Friday, July 01, 2005
The Face of Cowardice
When cowardice is made respectable, its followers are without number both from among the weak and the strong; it easily becomes a fashion.
Eric Hoffer (1902–83), philosopher
I canceled my subscription to Time magazine with the following note: I am absolutely shocked that Time Magazine did not uphold the rights of journalists to protect sources. Without the ability to protect sources, journalists have lost their ability to serve as the watchdog of government. You are cowards and I have no interest in supporting your decision.
Matthew Cooper, a Time reporter, and Judith Miller of the New York Times face up to four months in jail for refusing to give up their sources to special prosecutor Patrick J. Fitzgerald. A federal judge is scheduled to impose their sentences next week.
According to articles in the New York Times and Los Angeles Times, with one of its reporters facing an imminent jail sentence, Time magazine said yesterday that it would provide documents concerning the reporter's confidential sources to a grand jury investigating the disclosure of the identity of a covert C.I.A. operative, Valerie Plame.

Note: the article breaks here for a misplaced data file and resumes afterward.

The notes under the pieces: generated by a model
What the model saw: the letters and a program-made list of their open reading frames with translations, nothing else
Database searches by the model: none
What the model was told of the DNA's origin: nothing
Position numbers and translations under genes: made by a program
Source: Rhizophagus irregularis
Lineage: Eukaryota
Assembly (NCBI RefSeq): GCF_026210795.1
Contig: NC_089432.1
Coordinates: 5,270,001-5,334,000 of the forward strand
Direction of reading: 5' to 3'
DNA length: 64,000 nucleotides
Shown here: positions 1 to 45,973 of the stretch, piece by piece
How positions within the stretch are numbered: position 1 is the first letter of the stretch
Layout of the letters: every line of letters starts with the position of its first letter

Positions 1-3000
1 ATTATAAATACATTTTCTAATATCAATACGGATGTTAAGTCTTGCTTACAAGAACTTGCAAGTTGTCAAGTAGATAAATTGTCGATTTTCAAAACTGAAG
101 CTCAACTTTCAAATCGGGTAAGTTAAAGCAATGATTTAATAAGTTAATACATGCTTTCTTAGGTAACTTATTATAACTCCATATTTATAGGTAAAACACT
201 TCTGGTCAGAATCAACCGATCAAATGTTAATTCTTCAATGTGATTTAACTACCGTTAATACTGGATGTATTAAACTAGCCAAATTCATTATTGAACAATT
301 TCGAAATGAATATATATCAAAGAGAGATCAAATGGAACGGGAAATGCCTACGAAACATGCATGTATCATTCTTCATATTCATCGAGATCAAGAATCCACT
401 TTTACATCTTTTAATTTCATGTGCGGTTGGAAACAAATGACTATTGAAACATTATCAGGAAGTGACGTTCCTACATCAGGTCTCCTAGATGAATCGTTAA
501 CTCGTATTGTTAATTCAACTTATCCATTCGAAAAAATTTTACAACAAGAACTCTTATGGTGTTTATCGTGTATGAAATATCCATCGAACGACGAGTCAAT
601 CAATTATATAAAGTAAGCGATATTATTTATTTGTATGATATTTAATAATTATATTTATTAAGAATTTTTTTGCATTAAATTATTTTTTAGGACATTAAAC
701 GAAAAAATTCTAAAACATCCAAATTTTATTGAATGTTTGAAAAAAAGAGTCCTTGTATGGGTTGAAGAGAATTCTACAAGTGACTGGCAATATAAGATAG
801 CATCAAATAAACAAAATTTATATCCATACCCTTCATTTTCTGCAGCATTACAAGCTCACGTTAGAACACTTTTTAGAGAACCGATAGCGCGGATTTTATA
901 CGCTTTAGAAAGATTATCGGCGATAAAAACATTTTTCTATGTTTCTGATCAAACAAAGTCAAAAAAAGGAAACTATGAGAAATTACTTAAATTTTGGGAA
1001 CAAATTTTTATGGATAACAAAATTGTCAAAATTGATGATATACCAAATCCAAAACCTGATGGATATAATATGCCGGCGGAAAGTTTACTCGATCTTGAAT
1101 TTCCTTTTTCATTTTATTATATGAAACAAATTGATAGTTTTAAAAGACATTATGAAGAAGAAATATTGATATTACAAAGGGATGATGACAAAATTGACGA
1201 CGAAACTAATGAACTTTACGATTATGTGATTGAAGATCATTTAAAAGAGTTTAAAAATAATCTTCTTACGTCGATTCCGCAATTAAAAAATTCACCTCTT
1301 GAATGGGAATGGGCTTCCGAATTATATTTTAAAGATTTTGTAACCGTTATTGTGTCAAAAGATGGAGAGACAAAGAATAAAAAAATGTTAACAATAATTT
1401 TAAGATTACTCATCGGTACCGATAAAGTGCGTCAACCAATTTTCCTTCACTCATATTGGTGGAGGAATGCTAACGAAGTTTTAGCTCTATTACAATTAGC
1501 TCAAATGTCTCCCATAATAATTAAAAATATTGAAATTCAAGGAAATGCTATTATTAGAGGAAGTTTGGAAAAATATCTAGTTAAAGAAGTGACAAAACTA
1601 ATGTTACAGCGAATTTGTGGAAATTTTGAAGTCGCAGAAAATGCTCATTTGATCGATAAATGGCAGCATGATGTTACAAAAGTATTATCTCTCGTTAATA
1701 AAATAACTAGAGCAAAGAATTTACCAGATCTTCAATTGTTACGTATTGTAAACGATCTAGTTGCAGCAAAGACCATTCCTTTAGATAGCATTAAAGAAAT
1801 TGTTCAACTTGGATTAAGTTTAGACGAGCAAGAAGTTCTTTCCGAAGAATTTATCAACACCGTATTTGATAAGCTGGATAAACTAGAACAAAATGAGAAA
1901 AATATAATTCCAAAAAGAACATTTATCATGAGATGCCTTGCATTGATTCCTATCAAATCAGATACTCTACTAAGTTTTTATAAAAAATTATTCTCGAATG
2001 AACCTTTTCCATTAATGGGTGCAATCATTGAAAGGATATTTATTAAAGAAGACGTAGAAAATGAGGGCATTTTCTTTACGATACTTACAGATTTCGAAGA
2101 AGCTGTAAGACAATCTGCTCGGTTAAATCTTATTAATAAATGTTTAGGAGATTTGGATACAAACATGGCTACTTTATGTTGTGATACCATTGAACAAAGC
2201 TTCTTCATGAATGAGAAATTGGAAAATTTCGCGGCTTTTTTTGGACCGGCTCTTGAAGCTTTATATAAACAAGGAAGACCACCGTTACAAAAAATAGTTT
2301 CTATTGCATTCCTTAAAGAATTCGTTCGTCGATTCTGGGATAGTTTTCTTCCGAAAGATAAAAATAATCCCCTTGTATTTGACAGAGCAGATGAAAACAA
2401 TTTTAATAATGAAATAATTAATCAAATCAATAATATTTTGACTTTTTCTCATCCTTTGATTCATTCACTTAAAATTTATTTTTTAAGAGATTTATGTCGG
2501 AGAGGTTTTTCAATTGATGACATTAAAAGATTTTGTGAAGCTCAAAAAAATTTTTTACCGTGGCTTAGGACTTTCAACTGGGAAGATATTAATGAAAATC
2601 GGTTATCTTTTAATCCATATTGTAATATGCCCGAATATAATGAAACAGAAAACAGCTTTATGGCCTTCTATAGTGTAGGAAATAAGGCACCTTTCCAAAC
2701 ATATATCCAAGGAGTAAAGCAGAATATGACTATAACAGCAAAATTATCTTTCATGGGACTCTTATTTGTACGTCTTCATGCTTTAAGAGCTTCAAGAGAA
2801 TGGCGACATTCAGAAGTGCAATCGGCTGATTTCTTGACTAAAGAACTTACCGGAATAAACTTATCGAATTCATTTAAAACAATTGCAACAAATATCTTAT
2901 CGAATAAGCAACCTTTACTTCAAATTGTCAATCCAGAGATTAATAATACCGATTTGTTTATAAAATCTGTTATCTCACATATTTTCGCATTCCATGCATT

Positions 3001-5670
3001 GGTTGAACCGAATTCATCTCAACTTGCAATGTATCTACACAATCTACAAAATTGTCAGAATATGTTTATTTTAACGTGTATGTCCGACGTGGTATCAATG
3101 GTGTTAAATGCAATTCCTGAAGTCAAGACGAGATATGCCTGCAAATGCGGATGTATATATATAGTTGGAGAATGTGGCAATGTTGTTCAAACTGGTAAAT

"For 30 years, we've assumed that strong journalistic institutions would stick together and protect their employees," said David Halberstam, a Pulitzer Prize-winning reporter and author. "Now, a new wind is blowing. That united front is gone."
A key reason for the change, he said, was that Time magazine had been "swallowed up" by a conglomerate that must answer to a board of directors and millions of shareholders.
Norman Pearlstine, Time Inc.'s editor in chief, said that he and his corporate bosses had backed Cooper's refusal to hand over information to prosecutors, defending the right of reporters to enter into relationships with anonymous sources. He assailed the court rulings and what he predicted would be a "chilling effect on our work."
In an interview, Pearlstine said he had made the decision after much reflection. "I found myself really coming to the conclusion," Pearlstine said, "that once the Supreme Court has spoken in a case involving national security and a grand jury, we are not above the law and we have to behave the way ordinary citizens do."
(note: please see "There's that nasty F-word again" at Bitchph.D)